Friar Bijou wrote:
Ok, if I'm reading you correctly, gbaji, having the, say, top 20% of wage earners making more and more money each year driving up prices is cool. If the bottom 30% make more money and that drives up prices, that's bad.
It's not about making more money. It's about the government passing a law forcing them to be paid more money. The top 20% of wage earners are earning their wages because the market naturally values whatever they do at that amount. Period. There's no government law saying that a CEO must earn $10m/year, right? And no law mandates how much money Brad Pitt gets paid for making a movie. The market determines this. Thus, their wages don't "drive up" anything. They are scaled to the relative value of what they do (as valued by the consumers of what they do).
Can we agree that the only reason to even consider raising the minimum wage (or having one in the first place) is if the market would result in people earning less than that proposed minimum? Point being that if out of every potential employer in the market, none of them are willing to pay you more than say $5/hour for your labor, by definition, that's how much your labor is worth. Meaning that your employer gains some value from your labor sufficient that he can afford to pay you that $5/hour and make enough extra money to justify the hassle of hiring you in the first place.
If the government raises the minimum wage, that means that everyone who's wage is actually increased by that is now getting paid more than their labor is actually valued by the market
. Which means that the consumers of the product of that labor are normally only willing to pay a given amount for that product, which means your employer only makes X profits off the sale of that product, and is only willing to pay you Y pay for it. Raising that wage means everything else has to adjust. Suddenly, the employer must charge more for the product his workers produce in order to pay the higher wage. But consumers weren't willing to pay more for that product previously. But now they are forced to because the entire industry has been affected. If it had just been a single employer who raised his prices (perhaps even to pay his workers more), consumers would go to a competitor with lower prices. That's how the "normal" price for those products are set. Since wages are raised across the board in competing industries, prices can raise across the board as well since there's no competitive disadvantage now. But this means that everyone else is saddled with that increased cost. Prices go up, causing inflation, and over time other wages will adjust as well.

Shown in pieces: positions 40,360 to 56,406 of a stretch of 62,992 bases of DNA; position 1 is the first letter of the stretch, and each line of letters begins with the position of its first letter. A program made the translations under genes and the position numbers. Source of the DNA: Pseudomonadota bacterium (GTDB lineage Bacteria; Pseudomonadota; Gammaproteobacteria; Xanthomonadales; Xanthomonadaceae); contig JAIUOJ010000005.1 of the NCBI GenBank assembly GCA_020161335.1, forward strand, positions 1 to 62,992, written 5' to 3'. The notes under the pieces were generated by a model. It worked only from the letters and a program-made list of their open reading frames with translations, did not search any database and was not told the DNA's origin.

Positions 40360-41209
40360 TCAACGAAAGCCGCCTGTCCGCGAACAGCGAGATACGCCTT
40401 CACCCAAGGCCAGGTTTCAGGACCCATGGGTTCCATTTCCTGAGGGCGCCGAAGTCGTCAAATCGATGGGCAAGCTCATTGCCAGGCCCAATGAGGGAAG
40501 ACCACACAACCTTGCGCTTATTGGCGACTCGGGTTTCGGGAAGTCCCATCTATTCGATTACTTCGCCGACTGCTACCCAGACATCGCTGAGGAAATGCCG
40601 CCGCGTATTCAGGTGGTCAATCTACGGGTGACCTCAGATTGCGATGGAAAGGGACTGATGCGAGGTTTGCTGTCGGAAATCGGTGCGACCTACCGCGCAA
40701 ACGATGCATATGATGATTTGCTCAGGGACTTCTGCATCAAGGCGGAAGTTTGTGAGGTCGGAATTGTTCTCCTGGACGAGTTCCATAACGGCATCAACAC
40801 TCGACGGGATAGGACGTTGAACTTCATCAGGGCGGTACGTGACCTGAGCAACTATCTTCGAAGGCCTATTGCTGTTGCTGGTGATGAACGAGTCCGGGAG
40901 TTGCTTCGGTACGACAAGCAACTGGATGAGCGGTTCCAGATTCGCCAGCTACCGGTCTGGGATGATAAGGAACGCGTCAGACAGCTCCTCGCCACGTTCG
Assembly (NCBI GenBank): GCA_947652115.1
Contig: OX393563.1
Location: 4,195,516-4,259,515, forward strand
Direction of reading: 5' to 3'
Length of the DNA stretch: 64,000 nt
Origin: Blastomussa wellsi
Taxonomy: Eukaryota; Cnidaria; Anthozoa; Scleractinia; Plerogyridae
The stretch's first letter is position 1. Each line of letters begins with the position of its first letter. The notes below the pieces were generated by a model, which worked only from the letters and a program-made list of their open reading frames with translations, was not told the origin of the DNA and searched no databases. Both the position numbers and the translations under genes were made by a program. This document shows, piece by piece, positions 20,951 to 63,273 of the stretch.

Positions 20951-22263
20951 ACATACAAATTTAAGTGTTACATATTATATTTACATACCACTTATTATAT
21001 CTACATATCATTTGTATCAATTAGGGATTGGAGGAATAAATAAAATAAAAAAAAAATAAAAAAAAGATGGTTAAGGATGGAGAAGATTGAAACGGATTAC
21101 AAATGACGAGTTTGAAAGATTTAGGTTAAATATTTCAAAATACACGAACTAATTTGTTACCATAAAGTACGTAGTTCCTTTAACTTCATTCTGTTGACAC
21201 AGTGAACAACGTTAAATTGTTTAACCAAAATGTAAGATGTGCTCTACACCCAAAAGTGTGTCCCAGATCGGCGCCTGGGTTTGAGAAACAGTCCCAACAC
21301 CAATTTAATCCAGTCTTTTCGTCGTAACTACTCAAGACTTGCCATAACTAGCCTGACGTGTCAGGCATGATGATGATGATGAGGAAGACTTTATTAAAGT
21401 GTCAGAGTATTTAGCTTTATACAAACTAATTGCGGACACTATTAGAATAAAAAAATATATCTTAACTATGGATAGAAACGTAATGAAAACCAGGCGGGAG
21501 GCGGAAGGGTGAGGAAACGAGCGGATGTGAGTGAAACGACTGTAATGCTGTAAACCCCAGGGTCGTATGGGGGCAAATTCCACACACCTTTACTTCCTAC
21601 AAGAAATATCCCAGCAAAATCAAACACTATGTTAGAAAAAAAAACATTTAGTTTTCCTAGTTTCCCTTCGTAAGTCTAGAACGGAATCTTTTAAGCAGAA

End result is that nothing changes.
If your wages increase naturally as a result of your labor being valued more, that has no negative effect. But if everyone's wages are raised artificially, it has a negative effect. Huge difference. This is not about "rich vs poor". It's about how we value things in a market. So if you earn minimum wage and over time increase your wage from $7.50/hour to $9.50/hour, you gain $2/hour. But if you and every other minimum wage earner have your earnings increased to $9.50/hour, you gain nothing. Please tell me you can see why this is true? Edited, Mar 3rd 2014 10:56pm by gbaji